Consolidated Underwriters v. Whittaker, 268

CourtCourt of Appeals of Texas. Court of Civil Appeals of Texas
Writing for the CourtDUNAGAN
Citation413 S.W.2d 709
PartiesCONSOLIDATED UNDERWRITERS, Appellant, v. Joe WHITTAKER, Appellee. . Tyler
Docket NumberNo. 268,268
Decision Date16 March 1967

Page 709

413 S.W.2d 709
Joe WHITTAKER, Appellee.
No. 268.
Court of Civil Appeals of Texas.
March 16, 1967.
Rehearing Denied April 13, 1967.

Fairchild & Hunt, Billy Hunt, Center, for appellant.

R. W. Fairchild, Vernis Fulmer, Nacogdoches, for appellee.

DUNAGAN, Chief Justice.

This suit was brought by appellee for workmen's compensation benefits for an injury alleged to have occurred on July 30, 1964. A jury trial was had in the 123rd Judicial District Court of Shelby County, Texas, in March, 1966. Judgment was entered for appellee for 401 weeks of compensation at the rate of $35.00 per week, in a lump sum, and for $612.50 for hospital and medical care. The court overruled defendant's (appellant) amended motion for new trial and it has perfected its appeal to this court.

The appellant has brought forward 24 points of error. The points of error will be discussed in an order different from that followed by the appellant.

The appellant in its points of error 7 through 14 complains that the answers of the jury to each of the first four issues are based upon insufficient evidence, as a question of fact, and that each such answer is against the overwhelming preponderance of the evidence. Such issues, and the answers thereto, were as follows:


'Do you find from a preponderance of the evidence that the injury sustained by the Plaintiff, Joe Whittaker, on or about the 30th day of July, 1964, was a producing cause of any total incapacity, as that term has been defined herein?


'Answer: Yes--We do

'If you have answered Special Issue No. 1 'WE DO', and only in that event, then answer this issue:


'When do you find from a preponderance of the evidence that such total incapacity, if any, began?

'Answer by stating the date, if any.

'ANSWER: July 30, 1964.

'If you have answered Special Issue No. 1 'WE DO', and only in that event, then answer this issue:


'How long do you find from a preponderance of the evidence that such total incapacity, if any, has continued or will continue from the date of its beginning, if any?

'Answer by stating the period of time, if any.

'ANSWER: Permanent


'Do you find from a preponderance of the evidence that plaintiff sustained any partial incapacity as a result of the injury, sustained by him on the occasion in question?

'Answer: 'WE DO' or 'WE DO NOT'

'Answer: We do not'

The appellee was an employee of L. D. Tyer Lumber Company doing sawmill work. This work required him to do lumber stacking, trip logs, tail the saw, set trimmers, work on the skid-weight and roll logs. His work involved heavy lifting,

Page 712

stooping and bending. At the time of his injury on July 30, 1964, he was running trimmers. While so engaged, a two-by-six piece of lumber got caught in a chain that carried it across the trimmer and allegedly struck him in the right lower abdomen in about the area of the groin, knocking him down, injuring his lower abdomen, hips and low back; and it is further alleged that he sustained immediate total and permanent disability by reason of such injury.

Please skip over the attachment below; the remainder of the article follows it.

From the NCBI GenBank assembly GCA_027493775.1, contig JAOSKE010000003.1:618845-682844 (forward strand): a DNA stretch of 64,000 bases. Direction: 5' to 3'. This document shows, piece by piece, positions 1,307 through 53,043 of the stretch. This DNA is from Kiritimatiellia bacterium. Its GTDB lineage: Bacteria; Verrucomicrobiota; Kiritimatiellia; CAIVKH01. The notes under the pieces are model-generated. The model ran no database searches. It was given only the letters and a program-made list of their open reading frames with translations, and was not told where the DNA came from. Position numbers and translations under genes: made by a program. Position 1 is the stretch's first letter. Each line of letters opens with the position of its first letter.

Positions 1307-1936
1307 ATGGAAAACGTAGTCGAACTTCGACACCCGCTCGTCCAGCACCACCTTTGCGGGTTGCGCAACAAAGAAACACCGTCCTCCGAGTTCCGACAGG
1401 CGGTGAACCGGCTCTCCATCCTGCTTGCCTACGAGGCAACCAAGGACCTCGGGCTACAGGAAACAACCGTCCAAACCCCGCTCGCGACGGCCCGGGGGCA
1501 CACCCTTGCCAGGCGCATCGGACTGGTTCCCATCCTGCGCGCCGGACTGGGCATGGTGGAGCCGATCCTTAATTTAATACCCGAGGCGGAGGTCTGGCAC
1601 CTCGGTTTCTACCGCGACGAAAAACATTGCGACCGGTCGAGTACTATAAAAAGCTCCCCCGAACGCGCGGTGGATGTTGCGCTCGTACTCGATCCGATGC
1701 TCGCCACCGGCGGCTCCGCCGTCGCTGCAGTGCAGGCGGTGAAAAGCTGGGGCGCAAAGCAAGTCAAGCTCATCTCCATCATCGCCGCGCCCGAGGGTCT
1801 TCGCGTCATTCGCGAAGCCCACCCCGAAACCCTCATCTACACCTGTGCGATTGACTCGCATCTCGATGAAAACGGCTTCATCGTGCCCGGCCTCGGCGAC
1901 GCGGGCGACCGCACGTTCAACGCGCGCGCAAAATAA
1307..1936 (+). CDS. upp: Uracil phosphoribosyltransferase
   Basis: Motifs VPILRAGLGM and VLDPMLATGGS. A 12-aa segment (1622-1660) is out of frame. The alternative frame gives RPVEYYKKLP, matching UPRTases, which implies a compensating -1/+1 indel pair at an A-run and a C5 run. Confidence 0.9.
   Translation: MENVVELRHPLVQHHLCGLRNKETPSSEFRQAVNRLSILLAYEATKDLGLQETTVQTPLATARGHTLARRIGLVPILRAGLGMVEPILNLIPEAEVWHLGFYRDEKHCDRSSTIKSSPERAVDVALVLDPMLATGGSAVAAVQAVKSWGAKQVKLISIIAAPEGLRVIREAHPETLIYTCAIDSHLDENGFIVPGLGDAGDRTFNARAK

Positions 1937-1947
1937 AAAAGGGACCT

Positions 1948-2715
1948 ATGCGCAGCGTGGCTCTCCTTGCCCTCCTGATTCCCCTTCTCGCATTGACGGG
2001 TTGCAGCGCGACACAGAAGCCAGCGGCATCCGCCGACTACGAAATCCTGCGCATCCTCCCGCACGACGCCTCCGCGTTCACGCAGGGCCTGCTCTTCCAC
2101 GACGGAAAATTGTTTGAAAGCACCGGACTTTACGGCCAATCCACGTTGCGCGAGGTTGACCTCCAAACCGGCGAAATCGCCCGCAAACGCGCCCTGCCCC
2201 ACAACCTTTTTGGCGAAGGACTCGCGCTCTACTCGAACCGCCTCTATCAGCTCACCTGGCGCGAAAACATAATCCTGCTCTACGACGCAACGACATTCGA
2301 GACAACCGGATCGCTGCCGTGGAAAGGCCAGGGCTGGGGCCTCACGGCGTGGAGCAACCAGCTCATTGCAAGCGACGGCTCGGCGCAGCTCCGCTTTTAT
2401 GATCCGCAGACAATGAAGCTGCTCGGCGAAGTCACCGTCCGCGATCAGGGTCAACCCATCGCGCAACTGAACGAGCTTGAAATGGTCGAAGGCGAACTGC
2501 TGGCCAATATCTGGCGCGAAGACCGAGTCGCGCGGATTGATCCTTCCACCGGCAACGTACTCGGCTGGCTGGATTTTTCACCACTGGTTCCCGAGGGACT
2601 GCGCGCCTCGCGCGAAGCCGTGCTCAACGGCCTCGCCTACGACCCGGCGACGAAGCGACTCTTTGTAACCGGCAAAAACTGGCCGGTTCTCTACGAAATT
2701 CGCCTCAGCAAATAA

It was admitted by Leonard Tyer, the owner of L. D. Tyer Lumber Company, upon direct examination, that the appellee did receive an accidental injury while in the course and scope of his employment with his company on the date alleged.

Appellee, Joe Whittaker, testified that he was 46 years of age; that he had done manual labor all of his life; that he had never had any back trouble before July of 1964; that he was injured on July 30, 1964, when a board struck him in the groin on the right side; that the blow knocked him down; that he immediately began hurting in the lower abdomen and back and has not been free of pain in either place since the accident; that pain radiated down his back and left leg; that he was taken by the foreman to Dr. Conway H. Mallery; that Dr. Mallery x-rayed his side and back and gave him a prescription; that he went back to Dr. Mallery the following day but was not able to see him because the office was closed; that he went to Dr. Hooker, Dr. Mallery's associate, three or four days later; that he went to Dr. Glen R. Johnson sometime later when his employer told him he could see any doctor he wished to see; that he saw Dr. Johnson about three weeks after the accident; that Dr. Johnson finally put him in the hospital for three days and allowed him to go home on Sunday of that week; that Dr. Johnson operated on him (for removal of his appendix) and he was released from the hospital September 2, 1964; that he remained off work until some time in February, 1965; that when he first saw Dr. Mallery the doctor told him that if he felt like it, he might 'work tomorrow but don't work this afternoon;' that he has made complaints of his back hurting him to his employer; that he was employed by the Tyer Lumber Company at the time of the trial as a night watchman, and had to use a stick to make his rounds to punch the clock; that he works with a back brace prescribed by Dr. Mallery; that he is not able to work, but does it anyway with pain because he needs the money as he has no other way to feed his family.